Sunday, April 27, 2014

Oxford Reference

You can use Oxford Reference to search a collection of dictionaries, encyclopedias, and companions in over 20 subject areas. Select this resource from the
A-Z List of E-Resources on the library home page.

You have access to more than two million entries in two main collections and in three additional areas:

--In Oxford Quick Reference you can quickly check a fact, or find out key information about a concept, person, or term from a collection of over 135 academic subject, language, and quotations dictionaries.   These resources are updated at least three times a year.

--In Oxford Reference Library you can delve deeper into a subject, research a term, concept, or person in articles and essays from over 200 plus in-depth and specialist titles from Oxford’s Encyclopedias and Companions, and a critical selection of partner publishers’ specialist scholarly works. 

--Essential Quotations.

Here is a result for a search for “education” limited to Quotations.  You are taken directly to the page link related to your search term:

--Overview Pages.  Each overview includes a summary definition from the Quick Reference collection to provide context to the search term, followed by related content in a list of entries from the Oxford Reference Library. 

--Timelines. You can limit your results by period, geographic area, and subject.

You can begin a search with a Subject browse ...

... or by searching within a particular subject area and filtering your results.


Search results will include a definition and a link to more resources in the Quick Reference collection, usually followed by results from the Reference Library.


You can limit your search results in a number of ways.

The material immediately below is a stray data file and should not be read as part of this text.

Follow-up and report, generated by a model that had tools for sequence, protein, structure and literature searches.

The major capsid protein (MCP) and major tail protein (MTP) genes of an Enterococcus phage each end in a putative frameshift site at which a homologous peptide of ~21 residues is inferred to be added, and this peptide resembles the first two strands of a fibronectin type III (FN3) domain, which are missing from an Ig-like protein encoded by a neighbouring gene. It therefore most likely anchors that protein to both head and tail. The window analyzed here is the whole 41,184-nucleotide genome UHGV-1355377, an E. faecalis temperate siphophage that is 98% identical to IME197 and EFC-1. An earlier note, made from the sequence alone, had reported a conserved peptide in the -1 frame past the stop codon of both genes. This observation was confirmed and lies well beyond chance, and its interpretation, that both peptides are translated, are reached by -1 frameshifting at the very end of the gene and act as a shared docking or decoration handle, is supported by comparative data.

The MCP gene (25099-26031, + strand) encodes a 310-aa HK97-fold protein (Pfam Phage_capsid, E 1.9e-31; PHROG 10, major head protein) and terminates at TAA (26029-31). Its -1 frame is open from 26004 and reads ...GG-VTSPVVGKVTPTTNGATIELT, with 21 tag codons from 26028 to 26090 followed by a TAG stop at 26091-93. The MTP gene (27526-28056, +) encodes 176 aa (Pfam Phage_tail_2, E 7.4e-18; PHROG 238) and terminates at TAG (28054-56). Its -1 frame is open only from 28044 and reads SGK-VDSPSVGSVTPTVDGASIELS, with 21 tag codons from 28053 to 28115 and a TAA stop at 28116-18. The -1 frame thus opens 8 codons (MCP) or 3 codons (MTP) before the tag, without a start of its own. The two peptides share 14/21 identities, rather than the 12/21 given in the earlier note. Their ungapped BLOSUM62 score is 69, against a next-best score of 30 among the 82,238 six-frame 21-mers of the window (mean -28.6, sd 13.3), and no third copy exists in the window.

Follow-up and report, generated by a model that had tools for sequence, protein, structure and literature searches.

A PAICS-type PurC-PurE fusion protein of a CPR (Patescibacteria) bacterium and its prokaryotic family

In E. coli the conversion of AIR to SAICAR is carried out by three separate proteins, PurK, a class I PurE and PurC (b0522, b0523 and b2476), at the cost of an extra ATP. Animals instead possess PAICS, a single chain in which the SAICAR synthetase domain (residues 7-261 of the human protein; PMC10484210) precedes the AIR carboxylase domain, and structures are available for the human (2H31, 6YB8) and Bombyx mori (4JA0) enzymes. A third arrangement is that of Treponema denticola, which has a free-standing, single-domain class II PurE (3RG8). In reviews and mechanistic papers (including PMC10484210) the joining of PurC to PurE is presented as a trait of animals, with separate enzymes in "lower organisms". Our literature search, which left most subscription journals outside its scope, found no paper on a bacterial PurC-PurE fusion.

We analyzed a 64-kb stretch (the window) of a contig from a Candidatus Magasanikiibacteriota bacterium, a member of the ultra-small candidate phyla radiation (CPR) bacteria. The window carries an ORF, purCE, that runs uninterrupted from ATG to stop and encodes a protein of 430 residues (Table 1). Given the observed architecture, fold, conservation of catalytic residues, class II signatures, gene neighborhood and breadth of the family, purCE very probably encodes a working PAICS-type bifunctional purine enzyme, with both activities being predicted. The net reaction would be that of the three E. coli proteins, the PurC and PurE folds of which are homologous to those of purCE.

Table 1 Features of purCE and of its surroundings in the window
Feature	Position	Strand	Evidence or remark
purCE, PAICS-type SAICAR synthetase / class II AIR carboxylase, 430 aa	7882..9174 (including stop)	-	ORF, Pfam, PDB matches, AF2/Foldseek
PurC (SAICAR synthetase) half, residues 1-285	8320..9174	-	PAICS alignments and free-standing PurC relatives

Each result is labeled with the collection it is from--Quick Reference, Reference library, Overview Pages, etc. so you will know at a glance the depth of information presented.

The Reference Type search example below is limited to subject references.  A definition is given, and then results listed from subject encyclopedias and companions.  The definition is useful in determining whether the context is the one you intended, an especially important feature if terms  have different meanings in different fields. 

Select Clear All to start a new search.

You can use the Advanced Search option to customize your search for more precision.

You can choose a citation style for each resource you plan to use.

Be sure to check your citation manual to make sure it is exactly like the latest version your professor has requested.  You may need to tweak the Oxford Reference citations, which can be done fairly easily, and you have all the information you will need to cite your source.

You may find Oxford Reference a good starting point for your research project. 

Want to know more?  Take a video tour!



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